The aim of this thesis is to explicate the concepts of ideology and
science; in particular, social science, in the work of Marx and in later
Marxism. These concepts are standardly discussed in close association
with each other in both Marxist and non-Marxist contexts. Yet, in the
literature on Marxism at any rate, the kind of significance they have
for each other has been widely misunderstood. Historically the most
important expression of such misunderstanding is the tendency in writings
influenced by, or within the ambit of, 'Western Marxism' to assume that
the central question concerns the precise nature of the distinction between
science and ideology as rival or alternative forms of cognition. Answers
to this question have generally sought to distinguish them in terms of
cognitive success and failure, with ideology as the dark shadow or distorted
'other' of science. It will be shown that in relation to Marx's thought
this mode of question and answer is wholly misconceived. Science and
ideology function there as categorially diverse notions which are such
that the problem of how to demarcate their individual shares of a common
field of reference cannot arise. Problems that do pressingly arise in
connection with this body of thought include the following. How does
science succeed in being ideological, when it does? More specifically,
how is the ideological status of Marx's own social science to be conceived?
To answer these questions one has to recognise the diversity of the ways
in which ideology operates and to devise theoretical models which can
capture that diversity. In what follows, three basic models, labelled
for convenience 'semantic', 'syntactic', and 'dialectical', will be distinguished.
It will be argued that the dialectical model is the appropriate
one for understanding Marx's social science.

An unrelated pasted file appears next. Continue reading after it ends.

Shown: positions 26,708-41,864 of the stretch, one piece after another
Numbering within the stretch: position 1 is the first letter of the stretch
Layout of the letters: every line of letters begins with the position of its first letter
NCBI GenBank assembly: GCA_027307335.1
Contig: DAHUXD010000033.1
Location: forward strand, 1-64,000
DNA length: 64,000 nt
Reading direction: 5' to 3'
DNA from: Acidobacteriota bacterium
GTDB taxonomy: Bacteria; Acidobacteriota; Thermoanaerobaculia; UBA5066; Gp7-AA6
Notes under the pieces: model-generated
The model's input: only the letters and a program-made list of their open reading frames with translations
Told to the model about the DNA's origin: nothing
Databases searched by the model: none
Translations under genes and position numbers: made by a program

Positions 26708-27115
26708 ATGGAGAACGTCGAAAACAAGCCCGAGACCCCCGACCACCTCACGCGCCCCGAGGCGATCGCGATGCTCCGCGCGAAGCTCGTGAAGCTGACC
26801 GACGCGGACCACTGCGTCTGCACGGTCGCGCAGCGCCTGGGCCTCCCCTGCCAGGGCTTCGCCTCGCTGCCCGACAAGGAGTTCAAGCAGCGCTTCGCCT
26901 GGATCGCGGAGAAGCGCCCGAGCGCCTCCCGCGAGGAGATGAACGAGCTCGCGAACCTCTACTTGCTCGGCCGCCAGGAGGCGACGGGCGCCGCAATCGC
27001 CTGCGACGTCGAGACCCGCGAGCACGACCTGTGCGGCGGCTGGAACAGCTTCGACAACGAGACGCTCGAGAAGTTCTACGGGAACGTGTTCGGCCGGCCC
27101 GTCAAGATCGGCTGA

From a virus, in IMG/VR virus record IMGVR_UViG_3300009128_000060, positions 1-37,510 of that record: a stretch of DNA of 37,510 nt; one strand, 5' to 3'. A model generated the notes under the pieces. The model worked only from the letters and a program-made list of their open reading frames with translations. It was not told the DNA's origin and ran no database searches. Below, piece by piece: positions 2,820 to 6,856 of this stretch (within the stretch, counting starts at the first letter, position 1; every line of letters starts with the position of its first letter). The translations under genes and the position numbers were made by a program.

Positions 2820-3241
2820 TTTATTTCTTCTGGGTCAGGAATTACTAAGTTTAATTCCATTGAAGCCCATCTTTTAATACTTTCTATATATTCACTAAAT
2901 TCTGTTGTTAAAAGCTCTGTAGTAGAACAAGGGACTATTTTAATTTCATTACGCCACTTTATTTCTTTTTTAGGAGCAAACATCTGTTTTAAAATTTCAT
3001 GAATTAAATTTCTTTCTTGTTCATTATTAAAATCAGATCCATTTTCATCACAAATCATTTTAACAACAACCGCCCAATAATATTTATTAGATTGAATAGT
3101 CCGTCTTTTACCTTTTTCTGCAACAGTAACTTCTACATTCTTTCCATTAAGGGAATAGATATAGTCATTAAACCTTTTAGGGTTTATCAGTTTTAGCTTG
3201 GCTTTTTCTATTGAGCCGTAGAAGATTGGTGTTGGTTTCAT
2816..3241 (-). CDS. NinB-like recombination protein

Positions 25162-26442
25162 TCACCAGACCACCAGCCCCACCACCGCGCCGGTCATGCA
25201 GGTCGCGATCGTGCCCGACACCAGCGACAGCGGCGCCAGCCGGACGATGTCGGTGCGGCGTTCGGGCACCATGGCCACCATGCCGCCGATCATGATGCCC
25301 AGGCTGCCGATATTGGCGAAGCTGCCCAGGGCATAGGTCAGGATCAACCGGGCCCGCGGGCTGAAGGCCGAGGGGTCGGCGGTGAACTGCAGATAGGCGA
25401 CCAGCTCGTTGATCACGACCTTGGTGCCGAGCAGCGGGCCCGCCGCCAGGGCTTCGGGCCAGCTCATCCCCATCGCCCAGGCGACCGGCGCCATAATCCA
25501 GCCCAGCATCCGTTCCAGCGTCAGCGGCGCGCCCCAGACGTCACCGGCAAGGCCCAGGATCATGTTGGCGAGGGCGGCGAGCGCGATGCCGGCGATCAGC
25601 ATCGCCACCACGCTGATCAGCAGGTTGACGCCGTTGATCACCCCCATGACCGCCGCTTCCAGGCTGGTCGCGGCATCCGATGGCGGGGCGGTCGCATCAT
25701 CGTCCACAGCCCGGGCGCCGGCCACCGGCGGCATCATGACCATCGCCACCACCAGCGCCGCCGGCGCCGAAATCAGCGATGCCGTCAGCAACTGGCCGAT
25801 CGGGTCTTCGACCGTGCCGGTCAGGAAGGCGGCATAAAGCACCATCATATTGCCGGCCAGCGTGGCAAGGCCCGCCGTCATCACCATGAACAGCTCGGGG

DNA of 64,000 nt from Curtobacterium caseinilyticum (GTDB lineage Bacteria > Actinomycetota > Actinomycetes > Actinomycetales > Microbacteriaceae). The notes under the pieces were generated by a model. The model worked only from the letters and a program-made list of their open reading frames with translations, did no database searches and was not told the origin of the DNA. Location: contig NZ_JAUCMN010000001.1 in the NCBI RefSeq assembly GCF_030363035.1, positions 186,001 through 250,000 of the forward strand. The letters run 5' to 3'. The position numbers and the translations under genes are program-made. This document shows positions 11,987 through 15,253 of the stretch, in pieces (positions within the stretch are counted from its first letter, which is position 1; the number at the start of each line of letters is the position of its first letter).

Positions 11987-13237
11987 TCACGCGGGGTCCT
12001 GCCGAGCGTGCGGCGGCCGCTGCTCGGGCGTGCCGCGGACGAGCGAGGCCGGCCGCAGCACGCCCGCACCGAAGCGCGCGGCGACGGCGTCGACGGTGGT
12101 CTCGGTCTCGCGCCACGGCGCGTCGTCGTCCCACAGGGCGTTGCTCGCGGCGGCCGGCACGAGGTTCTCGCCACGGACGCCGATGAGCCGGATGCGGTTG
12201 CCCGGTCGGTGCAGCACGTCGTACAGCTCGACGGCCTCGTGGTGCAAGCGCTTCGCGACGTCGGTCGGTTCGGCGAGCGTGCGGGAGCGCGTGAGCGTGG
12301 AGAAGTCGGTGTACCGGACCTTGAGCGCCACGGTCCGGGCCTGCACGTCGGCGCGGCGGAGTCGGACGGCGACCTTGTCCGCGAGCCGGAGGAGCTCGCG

The account of the concept of ideology given here is based on that contained
in my book The Real World of Ideology.
The account there has been abridged
in order to bring out what are for present purposes its essential features.
A copy of the book is enclosed with the thesis.
The basic plan of the thesis is as follows. The first chapter is concerned,
as an essential preliminary, with explicating the conception of ideology
that operates in the work of Marx and in 'classical Marxism'. The second
chapter deals with a basic misconception of this legacy which has a special
relevance in the present context. This is the idea that ideology is essentially
to be understood as an epistemological category. The way is then
clear to pose the question of the nature and status of Marx's social
science. This is done in the third chapter, where it also proves possible
to dispose of the claims of the syntactic model as the basis for an answer.
The semantic model is a much more serious candidate and requires extended
discussion. The paradigmatic version of the model in Western Marxism
is the conception of Marxist social science as a 'critical theory of
society'. The fourth chapter discusses the prototype of such interpretations
in the work of the 'Frankfurt School' theorists. The next two
chapters (5 and 6) deal with more recent attempts by writers in the
British analytical tradition to vindicate the project of Marxist social
critique. The failure of the project in all these versions clears the
ground for an inquiry into the claims of the dialectical model. This
is pursued in chapters 7 and 8, paying close attention to the evidence
on the subject yielded by Marx's writings. The result is to establish
the dialectical scheme as the basic instrument for understanding his
social theory. In the final chapter developments treated earlier at the
level of relations between ideas are set in a historical context. This
enables the dialectical thesis to be grasped in a richer, more solid
setting, and enables it in turn to shed its light on the question of the
overall shape of the Marxist intellectual tradition.